Awareness, sensitivity and being proactive goes a long way in these delicate situations.  Prepare for special occasions by stepping up beforehand to set expectations in line.  Lisa's husband could have initiated a conversation prior to Mother's Day.  He could have openly discussed the possibility of loyalty bind tensions and unmet expectations.  This would have helped Lisa be more prepared and less disappointed. 

Better yet…her husband could've talked to his son about the upcoming holiday and asked him to describe positive thoughts he may have about Lisa, such as:  "She's really funny when she reads me stories, I like that".  Then he could've helped his son write those things down on paper to give to Lisa on Mother's day…sweet nothings would've made her day a whole lot sweeter!  A word of caution on this:  parents need to allow kids to set the pace and not push an agenda or put words in their mouths.  Affection, love and acceptance of a step parent should never be forced.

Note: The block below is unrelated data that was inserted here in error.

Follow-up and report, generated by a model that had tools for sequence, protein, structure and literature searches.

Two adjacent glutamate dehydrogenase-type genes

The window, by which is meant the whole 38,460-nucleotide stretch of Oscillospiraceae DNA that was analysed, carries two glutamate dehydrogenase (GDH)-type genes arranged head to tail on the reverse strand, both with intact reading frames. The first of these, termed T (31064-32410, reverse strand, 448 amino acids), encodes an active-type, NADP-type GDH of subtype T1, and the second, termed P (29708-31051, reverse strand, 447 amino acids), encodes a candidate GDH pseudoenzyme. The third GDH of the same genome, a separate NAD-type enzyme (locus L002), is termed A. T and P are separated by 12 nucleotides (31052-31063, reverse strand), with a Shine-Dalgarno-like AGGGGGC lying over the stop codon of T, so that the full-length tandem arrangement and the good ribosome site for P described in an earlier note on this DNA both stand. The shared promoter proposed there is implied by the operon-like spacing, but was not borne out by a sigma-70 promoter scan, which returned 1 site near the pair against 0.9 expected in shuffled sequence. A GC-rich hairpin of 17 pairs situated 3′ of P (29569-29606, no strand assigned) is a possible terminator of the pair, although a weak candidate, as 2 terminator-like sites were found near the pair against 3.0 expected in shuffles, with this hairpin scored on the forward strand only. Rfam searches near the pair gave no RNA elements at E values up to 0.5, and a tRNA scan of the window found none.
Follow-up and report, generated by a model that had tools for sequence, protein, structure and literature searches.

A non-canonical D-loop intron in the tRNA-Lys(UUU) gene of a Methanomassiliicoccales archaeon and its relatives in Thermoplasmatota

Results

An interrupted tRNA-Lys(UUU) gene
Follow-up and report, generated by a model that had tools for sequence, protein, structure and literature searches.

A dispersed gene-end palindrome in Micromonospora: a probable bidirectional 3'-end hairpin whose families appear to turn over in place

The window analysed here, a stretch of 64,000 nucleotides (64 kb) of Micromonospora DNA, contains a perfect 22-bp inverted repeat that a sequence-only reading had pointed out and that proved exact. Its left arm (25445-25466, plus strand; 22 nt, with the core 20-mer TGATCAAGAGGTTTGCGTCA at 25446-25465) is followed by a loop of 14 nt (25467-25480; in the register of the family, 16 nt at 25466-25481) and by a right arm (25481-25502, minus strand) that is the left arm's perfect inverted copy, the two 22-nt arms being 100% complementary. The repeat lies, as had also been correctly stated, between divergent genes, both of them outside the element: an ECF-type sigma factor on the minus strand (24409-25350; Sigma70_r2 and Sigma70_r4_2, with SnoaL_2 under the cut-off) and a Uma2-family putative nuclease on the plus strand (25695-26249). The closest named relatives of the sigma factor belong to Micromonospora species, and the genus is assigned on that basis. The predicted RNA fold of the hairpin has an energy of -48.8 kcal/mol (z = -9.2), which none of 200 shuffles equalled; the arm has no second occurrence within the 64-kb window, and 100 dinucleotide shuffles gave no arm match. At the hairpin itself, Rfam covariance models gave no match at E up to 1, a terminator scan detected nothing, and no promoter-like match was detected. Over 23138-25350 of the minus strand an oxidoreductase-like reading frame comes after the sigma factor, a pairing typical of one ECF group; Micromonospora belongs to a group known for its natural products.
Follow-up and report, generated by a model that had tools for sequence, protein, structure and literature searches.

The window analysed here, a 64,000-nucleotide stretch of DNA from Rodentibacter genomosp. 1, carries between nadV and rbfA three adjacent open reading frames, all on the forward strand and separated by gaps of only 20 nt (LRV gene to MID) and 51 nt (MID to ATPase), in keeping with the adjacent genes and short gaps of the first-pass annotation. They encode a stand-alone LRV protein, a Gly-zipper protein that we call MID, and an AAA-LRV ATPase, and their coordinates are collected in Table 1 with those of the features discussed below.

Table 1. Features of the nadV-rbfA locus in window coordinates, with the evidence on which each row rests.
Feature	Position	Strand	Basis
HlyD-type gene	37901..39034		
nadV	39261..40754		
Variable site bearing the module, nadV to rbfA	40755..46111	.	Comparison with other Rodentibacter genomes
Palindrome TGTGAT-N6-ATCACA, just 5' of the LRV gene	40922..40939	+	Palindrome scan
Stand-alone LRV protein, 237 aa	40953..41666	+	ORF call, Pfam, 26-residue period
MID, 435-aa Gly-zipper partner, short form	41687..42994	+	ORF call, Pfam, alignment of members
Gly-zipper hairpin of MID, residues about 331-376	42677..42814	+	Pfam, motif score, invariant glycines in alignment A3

Husbands, look ahead to special occasions (don't forget birthdays!) and do what you can to prepare for them and avoid painful disappointments.  If your child is unable to express affection or appreciation toward their step mom, you certainly can!  Let your wife know how much you appreciate all she does to support the family and care for your kids…she need to hear this regularly, not just on a special occasions!

Sunshine and Roses!

For moms and step moms alike, Mother's Day doesn't have to be tainted with disappointment, resentment or heartache.  You and your husband can choose to respond in ways that honor and build up everyone.  Together you can learn about loyalty binds and help your kids work through confusing emotions.  You can process your own difficult emotions and experiences in healthy, productive ways.  Mother's Day can be a day of celebration without stress, if you work as a team and keep your expectation in line. 

Enjoy YOUR special day!

QUESTION:  What suggestions do you have to staying focused on the positive when you are disappointed on a special day?  Leave a comment below: